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Red-winged Blackbird Epaulettes

3-11-13 redwing epaulettes IMG_2348Male red-winged blackbirds have returned to Vermont, and their most notable features are the brightly-colored reddish-orange feathers on their “shoulders”, referred to as epaulettes. In the military, an epaulette is a shoulder ornament that indicates, through its position, color, length and diameter, the bearer’s rank. Some birds, including male redwings, also possess this badge, or visual cue, which indicates the social status of the bird to other birds of the same species. Studies of male red-winged blackbirds and their epaulettes indicate (through dyeing their bright orange/red shoulder patches black) that epaulettes play a significant role in the male’s defense of his territory. Over 60% of the redwings that had their epaulettes dyed black lost their territories to other males. Further research revealed that aggression by a territorial male redwing is proportional to the epaulette size of the encroaching male redwing. It also indicated that male redwings intruding into redwing-occupied territories greatly limit the exposure of their epaulettes by covering them with black feathers. (Female red-winged blackbird plumage is brown and lacks epaulettes.)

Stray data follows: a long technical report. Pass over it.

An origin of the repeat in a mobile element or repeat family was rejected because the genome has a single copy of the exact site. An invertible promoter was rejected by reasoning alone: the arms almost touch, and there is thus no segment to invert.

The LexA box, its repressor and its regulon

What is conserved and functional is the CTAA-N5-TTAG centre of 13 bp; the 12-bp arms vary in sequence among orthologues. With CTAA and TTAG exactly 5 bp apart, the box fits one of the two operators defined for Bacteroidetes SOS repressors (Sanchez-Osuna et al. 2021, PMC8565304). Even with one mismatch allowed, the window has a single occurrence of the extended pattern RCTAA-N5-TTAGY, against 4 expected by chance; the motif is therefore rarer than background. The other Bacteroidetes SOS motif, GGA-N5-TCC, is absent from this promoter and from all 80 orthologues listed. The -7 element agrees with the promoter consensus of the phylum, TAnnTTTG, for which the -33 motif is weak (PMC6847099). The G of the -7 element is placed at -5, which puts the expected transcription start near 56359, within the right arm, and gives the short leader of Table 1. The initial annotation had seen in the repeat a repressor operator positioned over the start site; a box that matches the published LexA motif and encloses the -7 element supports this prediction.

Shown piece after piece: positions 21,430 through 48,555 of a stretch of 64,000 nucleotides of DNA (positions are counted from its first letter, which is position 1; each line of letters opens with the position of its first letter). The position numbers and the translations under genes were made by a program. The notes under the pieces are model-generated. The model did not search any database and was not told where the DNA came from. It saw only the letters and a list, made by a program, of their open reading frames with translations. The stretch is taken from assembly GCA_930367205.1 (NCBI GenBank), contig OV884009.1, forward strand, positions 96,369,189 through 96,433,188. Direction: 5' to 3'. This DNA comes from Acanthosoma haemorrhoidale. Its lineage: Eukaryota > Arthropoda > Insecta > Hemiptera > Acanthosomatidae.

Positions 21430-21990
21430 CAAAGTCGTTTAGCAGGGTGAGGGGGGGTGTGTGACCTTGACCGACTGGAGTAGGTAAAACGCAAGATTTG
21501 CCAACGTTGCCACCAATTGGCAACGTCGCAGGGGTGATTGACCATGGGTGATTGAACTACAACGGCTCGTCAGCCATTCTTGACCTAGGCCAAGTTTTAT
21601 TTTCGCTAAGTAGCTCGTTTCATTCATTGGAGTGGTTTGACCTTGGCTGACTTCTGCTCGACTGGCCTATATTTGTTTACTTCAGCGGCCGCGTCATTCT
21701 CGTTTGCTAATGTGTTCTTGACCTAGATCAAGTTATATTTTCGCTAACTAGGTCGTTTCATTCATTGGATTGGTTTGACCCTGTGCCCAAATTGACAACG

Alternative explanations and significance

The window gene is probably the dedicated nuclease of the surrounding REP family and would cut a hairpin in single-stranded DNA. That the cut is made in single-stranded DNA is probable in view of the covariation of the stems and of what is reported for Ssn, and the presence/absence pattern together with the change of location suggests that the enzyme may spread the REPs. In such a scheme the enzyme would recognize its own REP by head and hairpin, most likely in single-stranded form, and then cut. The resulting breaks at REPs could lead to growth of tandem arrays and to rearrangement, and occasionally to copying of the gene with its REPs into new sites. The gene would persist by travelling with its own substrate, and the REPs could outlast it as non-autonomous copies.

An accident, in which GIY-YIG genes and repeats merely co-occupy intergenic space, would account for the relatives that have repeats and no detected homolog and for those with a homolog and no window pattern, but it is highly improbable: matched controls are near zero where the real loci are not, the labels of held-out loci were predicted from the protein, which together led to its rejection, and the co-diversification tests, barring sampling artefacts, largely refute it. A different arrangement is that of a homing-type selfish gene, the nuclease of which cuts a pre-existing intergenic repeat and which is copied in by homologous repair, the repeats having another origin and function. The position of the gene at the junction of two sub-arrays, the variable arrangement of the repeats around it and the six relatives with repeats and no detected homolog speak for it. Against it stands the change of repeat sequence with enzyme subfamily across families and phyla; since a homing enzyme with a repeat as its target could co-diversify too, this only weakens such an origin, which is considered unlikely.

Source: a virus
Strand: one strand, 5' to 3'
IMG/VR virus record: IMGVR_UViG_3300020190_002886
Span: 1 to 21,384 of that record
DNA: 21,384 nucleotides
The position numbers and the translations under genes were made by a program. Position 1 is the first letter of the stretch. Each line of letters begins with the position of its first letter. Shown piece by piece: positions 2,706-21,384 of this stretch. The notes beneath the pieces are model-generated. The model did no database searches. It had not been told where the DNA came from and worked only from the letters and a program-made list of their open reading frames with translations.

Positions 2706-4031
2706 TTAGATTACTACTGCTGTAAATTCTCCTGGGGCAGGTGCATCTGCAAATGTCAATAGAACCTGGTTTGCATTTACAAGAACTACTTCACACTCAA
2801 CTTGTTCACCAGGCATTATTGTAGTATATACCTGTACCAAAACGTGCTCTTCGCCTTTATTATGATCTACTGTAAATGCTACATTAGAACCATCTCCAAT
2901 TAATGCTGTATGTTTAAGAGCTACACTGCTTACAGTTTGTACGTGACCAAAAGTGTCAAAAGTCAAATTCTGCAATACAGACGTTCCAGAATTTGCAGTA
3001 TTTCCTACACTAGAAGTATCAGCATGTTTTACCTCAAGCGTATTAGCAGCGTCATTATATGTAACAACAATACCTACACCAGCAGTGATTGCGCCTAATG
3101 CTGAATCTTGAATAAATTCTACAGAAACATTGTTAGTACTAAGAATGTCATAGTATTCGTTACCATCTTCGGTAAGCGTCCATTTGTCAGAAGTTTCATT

4 responses

  1. Kathryn

    I sure hope that when they were done they dyed the epaulettes back to red so the poor birds could get on with life!

    March 11, 2013 at 1:16 pm

  2. What a great photo as always Mary! Just heard a redwing this morning as I went out to fill the feeders. A welcome sign of spring.
    (I agree with Kathryn’s comment. Although an interesting experiment, how awful to be the one who gets stuck with black epaulettes for the sake of research!)

    March 11, 2013 at 2:07 pm

  3. Fascinating!

    I can’t wait to hear/see one!

    March 11, 2013 at 2:57 pm

  4. joan waltermire

    Mary, I had no idea the epaulette story was so complex. I love it. “Clothes make the man.”

    March 12, 2013 at 2:29 am

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